The Enduring Uniqueness of Dwight Yoakam
Dwight Yoakam is one of those artists that’s always been around my life’s soundtrack. From first listening to country radio in the late 90s to rediscovering old classics to digging way deeper into an artist’s discography, Dwight’s just always been there and always will be.
Ever since the first time I heard one of his songs (if remembering correctly, I think it was “A Thousand Miles from Nowhere”), I have always been struck at how unique he is as an artist. A listener knows immediately that he or she is hearing a Dwight Yoakam song from the first note. Dwight is one of those few artists whose songs I really can’t picture being successfully covered by any other artist without the listener being made to think of Dwight’s original version. It’s the sound. It’s his voice. It’s his attitude. It’s the perfect storm of factors colliding to create a truly unique artist.
Country music artists since the beginning of time have faced the reality of finding their own voice, even the great one’s. Merle Haggard had to find his own sound, not imitate Lefty Frizzell. Ernest Tubb, despite his affection for Jimmie Rodgers’ style, had to find his own voice. Even George Jones was told Hank Williams already existed when he began his career. Imagine a time when Jones and Haggard were told they needed to find their own sound and style. That’s the way it was though, and country music was better off because of it.
But what makes country music so authentic and unique as a genre in and of itself is the simple fact that every country singer for the past 80 years has been born out of imitating the vocal arrangement of just a select few artists, mostly the aforementioned Frizzell, Rodgers, Hank, or Jones. Vocal styles in country music are a rougher version of the croon. Add a little bit of nasal to a classic croon, and you’ve got a country singer.
Dwight, however, is one of the few outliers. No one will argue that artists like George Jones or Merle Haggard are not unique; they are fundamentally trans-formative figures in the history of country music. The fact, however, does remain that Dwight Yoakam, more than any other country artist aside from perhaps Waylon Jennings, is the most unique all-around artist to become a star in the country genre.
Dwight Yoakam released his debut album Guitars, Cadillacs, Etc., Etc. in 1986 to glowing reviews. To the unassuming listener, it would have appeared that Dwight just shot onto the scene out of nowhere. Even today, some may be unaware of Dwight’s backstory. Dwight’s never really been accepted in Nashville despite scoring hit after hit. Before releasing his debut album, Dwight honed his craft in Los Angeles, away from the Urban Cowboy movement that was infesting country music in Nashville at the time. He played punk rock venues and clubs with acts like X and The Blasters. He was appealing to an audience vastly different than the one that was tuning into country radio. Two great resources to check out if you want to know more about Dwight’s beginnings and career are his interview with Chris Shiflett on Shiflett’s podcast “Walking the Floor” and Don McLeese’s book Dwight Yoakam: A Thousand Miles from Nowhere.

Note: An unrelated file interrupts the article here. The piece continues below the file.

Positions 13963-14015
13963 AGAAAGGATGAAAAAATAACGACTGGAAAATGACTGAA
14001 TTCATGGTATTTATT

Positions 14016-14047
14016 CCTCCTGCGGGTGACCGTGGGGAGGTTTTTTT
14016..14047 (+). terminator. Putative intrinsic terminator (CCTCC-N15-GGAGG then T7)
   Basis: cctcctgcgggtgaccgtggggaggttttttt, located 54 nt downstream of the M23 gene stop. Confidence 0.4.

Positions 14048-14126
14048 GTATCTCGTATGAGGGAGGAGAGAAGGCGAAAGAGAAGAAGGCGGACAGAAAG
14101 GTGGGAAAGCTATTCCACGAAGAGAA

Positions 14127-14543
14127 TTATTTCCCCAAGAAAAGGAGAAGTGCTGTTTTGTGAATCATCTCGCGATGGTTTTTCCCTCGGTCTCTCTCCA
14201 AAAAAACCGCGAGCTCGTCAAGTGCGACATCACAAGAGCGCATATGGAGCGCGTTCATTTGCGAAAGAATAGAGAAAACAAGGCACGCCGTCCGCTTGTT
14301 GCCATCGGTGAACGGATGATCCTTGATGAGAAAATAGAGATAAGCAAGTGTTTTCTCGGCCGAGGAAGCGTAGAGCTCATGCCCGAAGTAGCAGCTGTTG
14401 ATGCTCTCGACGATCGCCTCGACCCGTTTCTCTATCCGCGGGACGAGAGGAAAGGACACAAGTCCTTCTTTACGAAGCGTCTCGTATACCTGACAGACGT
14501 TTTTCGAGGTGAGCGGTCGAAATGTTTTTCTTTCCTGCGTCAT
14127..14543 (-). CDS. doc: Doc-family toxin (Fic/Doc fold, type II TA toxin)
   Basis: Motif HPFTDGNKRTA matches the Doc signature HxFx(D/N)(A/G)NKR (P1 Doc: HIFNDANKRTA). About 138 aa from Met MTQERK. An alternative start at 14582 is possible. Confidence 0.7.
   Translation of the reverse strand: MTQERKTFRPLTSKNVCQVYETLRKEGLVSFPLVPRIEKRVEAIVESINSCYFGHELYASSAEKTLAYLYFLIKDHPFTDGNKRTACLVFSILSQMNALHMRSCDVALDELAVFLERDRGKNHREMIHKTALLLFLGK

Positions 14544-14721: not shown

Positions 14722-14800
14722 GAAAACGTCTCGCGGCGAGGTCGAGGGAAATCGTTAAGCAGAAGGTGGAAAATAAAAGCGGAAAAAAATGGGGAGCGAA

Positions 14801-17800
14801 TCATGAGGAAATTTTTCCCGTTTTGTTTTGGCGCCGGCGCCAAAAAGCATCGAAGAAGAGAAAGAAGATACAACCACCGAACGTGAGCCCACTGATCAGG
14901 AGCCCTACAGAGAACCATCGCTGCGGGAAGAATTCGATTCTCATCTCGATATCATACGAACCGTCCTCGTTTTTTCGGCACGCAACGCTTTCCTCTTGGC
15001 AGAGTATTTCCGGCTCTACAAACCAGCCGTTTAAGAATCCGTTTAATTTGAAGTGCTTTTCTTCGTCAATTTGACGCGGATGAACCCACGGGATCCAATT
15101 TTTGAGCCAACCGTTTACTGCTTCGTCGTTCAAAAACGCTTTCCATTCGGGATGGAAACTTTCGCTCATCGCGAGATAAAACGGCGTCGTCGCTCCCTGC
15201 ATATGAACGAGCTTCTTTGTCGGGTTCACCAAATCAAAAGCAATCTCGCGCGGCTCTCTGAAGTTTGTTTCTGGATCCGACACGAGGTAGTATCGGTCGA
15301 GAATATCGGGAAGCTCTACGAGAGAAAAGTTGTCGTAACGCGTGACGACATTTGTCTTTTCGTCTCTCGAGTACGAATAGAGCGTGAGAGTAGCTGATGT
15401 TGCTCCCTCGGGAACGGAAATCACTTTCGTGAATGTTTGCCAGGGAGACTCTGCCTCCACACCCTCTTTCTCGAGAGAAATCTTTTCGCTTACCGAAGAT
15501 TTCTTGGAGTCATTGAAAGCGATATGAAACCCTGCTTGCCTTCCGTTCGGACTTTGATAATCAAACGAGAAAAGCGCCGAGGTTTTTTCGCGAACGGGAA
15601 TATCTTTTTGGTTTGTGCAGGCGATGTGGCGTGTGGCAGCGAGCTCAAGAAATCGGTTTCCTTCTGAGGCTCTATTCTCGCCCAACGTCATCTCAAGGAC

When Dwight got to Nashville, he didn’t feel beholden to those major power players that typically called the shots on Music Row. He knew his audience and which kind of listeners to target. Dwight didn’t rely on big-name producers for his albums. Rather he began an insanely successful (commercial and critical) collaboration with his guitarist Pete Anderson.
The partnership with Anderson, which ended on not the most cordial terms in 2003, is particularly noteworthy. The two balanced each other perfectly for almost twenty years to find a sound that no one else could call their own. Some tried to label it “cowpunk.” But the best music doesn’t always need a label. Dwight’s a hillbilly artist with a punk-rock attitude. It’s important to note that Dwight embraced the hillbilly moniker at a time many in the industry were trying to distance themselves from the genre’s rural roots. No matter how much Dwight experimented with other sounds, particularly in the 90s, he always made it a point to embrace the roots of the genre. Anderson as his producer was exceptional at letting Dwight’s authenticity shine through. It speaks volumes about both men that though their relationship deteriorated, neither is willing to speak an ill word about the other.
Not enough can be said about Dwight’s sound, perhaps the most distinguishable feature he possesses. As I mentioned earlier, no matter the direction Dwight went, his music was hard-core country. But what makes Dwight so unique as an artist is his ability to merge hard-core country with a variety of influences. Nowhere is this more evident than on “ Buenas Noches from a Lonely Room.” Lyrically, it’s a riveting song, and one that sounds like a country music standard from years gone by. Yet it was written by Dwight. Sung by any other artist, it would be a pop song with clear Latino influence. Sung by Dwight, however, and it’s hard-core country done Tejano style. The live performance on Austin City Limits with Flaco Jiménez on accordion is just a piece of art. (And that’s Pete Anderson on guitar).
There’s just example after example to point to. From his first album to now, Dwight’s got the twang and hard-country sound that makes him so unique. Yet he’s somehow managed to keep it fresh and interesting. I mean, he covered Prince’s “Purple Rain” on his latest album doing it bluegrass style. I can’t think of any other artist in the genre right now who would, first of all, think of doing it, and second, actually do it successfully.
Dwight’s gonna keep doing it his way. He’s unpredictable, and in a genre that strives for predictability, Dwight’s a true outlier. You can be sure that whatever project Dwight takes on next will be just as unique as what he’s done before.